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#40 of 92 Old 09-08-2013, 05:59 PM
 
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I really don't think we're in any danger of stifling our kids' creativity. There are sometimes rules. Maybe my "no climbing up the slide" rule seems too much to some, but most of the time we're sliding down this slide:

We also don't whittle with knives at the park or set fires with our magnifying glasses, but those things are okay at home. I feel it's best to have no climbing up the slide be a full time rule, because there are so many other things to climb up. None of my children has ever complained except when other kids have been in the way when they are trying to slide down.

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#41 of 92 Old 09-08-2013, 09:01 PM
 
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I think that part of whether or not its safe relates to who many other kids are trying to use the slide at the same time. I work at school, and you can only play on the slide by going up the ladder and  down the slide (on your bottom, feet first.) It might seems like overkill, but we have kids get hurt pretty much every day in one way or another on the playground, so we've ruled out the actions that caused the most injuries as well as the ways of playing that resulted in others not being able to play.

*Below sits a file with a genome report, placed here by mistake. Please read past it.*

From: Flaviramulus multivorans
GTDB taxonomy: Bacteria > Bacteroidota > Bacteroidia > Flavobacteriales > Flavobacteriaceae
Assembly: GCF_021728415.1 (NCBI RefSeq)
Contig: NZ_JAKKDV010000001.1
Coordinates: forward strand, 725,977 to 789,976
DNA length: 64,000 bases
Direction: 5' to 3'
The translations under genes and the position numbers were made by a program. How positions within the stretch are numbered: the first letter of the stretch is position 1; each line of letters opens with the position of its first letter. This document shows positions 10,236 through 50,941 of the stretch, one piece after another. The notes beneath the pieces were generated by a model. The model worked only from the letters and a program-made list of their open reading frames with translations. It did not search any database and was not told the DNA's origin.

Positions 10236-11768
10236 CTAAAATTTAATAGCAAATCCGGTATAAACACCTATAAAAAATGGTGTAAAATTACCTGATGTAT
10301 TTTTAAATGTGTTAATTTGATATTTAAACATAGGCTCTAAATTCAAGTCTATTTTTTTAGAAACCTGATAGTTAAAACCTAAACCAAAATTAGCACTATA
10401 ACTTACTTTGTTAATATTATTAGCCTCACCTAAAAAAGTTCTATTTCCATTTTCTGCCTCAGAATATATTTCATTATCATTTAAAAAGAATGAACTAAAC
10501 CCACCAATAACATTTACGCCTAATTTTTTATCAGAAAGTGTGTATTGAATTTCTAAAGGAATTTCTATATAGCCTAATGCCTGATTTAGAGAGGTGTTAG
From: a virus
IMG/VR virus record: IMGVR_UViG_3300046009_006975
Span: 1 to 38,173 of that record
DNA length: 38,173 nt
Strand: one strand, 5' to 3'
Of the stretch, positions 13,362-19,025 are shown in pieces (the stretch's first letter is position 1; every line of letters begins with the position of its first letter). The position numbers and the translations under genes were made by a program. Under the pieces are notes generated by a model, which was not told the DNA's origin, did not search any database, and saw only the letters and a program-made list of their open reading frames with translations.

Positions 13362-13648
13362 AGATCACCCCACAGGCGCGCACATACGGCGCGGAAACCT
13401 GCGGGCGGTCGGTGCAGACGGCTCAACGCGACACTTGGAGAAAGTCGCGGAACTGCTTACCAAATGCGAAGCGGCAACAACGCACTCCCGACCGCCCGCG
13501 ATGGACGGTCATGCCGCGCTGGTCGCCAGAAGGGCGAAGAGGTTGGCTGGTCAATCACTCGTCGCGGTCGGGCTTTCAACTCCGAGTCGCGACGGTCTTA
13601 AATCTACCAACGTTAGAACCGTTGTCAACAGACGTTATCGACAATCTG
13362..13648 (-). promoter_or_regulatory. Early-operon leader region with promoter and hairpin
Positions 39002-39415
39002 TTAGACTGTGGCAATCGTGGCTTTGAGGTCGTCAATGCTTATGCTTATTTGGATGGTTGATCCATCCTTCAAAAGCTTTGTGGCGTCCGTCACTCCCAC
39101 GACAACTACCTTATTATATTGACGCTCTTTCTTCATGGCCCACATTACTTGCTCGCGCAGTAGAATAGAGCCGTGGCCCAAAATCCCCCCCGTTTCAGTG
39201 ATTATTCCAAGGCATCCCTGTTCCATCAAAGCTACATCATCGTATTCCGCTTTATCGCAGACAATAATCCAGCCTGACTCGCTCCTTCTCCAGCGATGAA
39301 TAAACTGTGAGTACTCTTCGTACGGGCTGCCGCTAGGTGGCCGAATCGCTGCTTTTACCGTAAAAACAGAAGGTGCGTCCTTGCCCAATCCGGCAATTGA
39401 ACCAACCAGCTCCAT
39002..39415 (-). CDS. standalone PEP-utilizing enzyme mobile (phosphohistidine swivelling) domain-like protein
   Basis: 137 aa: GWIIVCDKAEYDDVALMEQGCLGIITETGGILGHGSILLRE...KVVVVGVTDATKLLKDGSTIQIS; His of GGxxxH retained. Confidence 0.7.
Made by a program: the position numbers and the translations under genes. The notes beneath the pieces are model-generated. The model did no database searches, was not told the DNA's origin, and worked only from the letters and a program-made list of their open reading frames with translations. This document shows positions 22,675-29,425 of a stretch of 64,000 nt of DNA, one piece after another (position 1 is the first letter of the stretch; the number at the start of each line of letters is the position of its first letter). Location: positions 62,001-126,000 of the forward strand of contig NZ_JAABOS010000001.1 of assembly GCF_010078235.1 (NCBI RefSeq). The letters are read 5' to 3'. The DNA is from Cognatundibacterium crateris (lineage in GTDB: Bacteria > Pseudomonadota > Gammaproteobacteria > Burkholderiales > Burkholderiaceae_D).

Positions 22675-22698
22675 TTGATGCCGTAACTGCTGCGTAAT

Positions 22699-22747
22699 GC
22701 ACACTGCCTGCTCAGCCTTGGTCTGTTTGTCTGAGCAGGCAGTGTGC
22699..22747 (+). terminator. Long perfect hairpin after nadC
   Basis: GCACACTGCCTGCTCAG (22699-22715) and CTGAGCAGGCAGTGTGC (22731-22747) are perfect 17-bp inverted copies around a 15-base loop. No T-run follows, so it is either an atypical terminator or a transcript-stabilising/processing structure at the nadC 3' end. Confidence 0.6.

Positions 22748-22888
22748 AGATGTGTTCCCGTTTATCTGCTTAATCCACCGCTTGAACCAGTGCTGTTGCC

Swings can only go back and forth in a straight line -- no going from side to side.

 

Since all the children follow these rules, more children can PLAY and fewer end up in the nurses office.

 

When my kids were little and I took them to the park, and there were just a handful of kids there, I let them do whatever they wanted. It felt really odd when I first started enforcing the rules at school, but now I've spent enough time on the playground -- when 100 kids are being monitored by 5 adults -- to see the reason for the rules.


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#42 of 92 Old 09-08-2013, 11:46 PM
 
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No. I am British. For us, its a slippery slope then to queue (line?) jumping and jaywalking. :rotflmao. Honestly you might as well train a kid to rob a bank.


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#43 of 92 Old 09-08-2013, 11:54 PM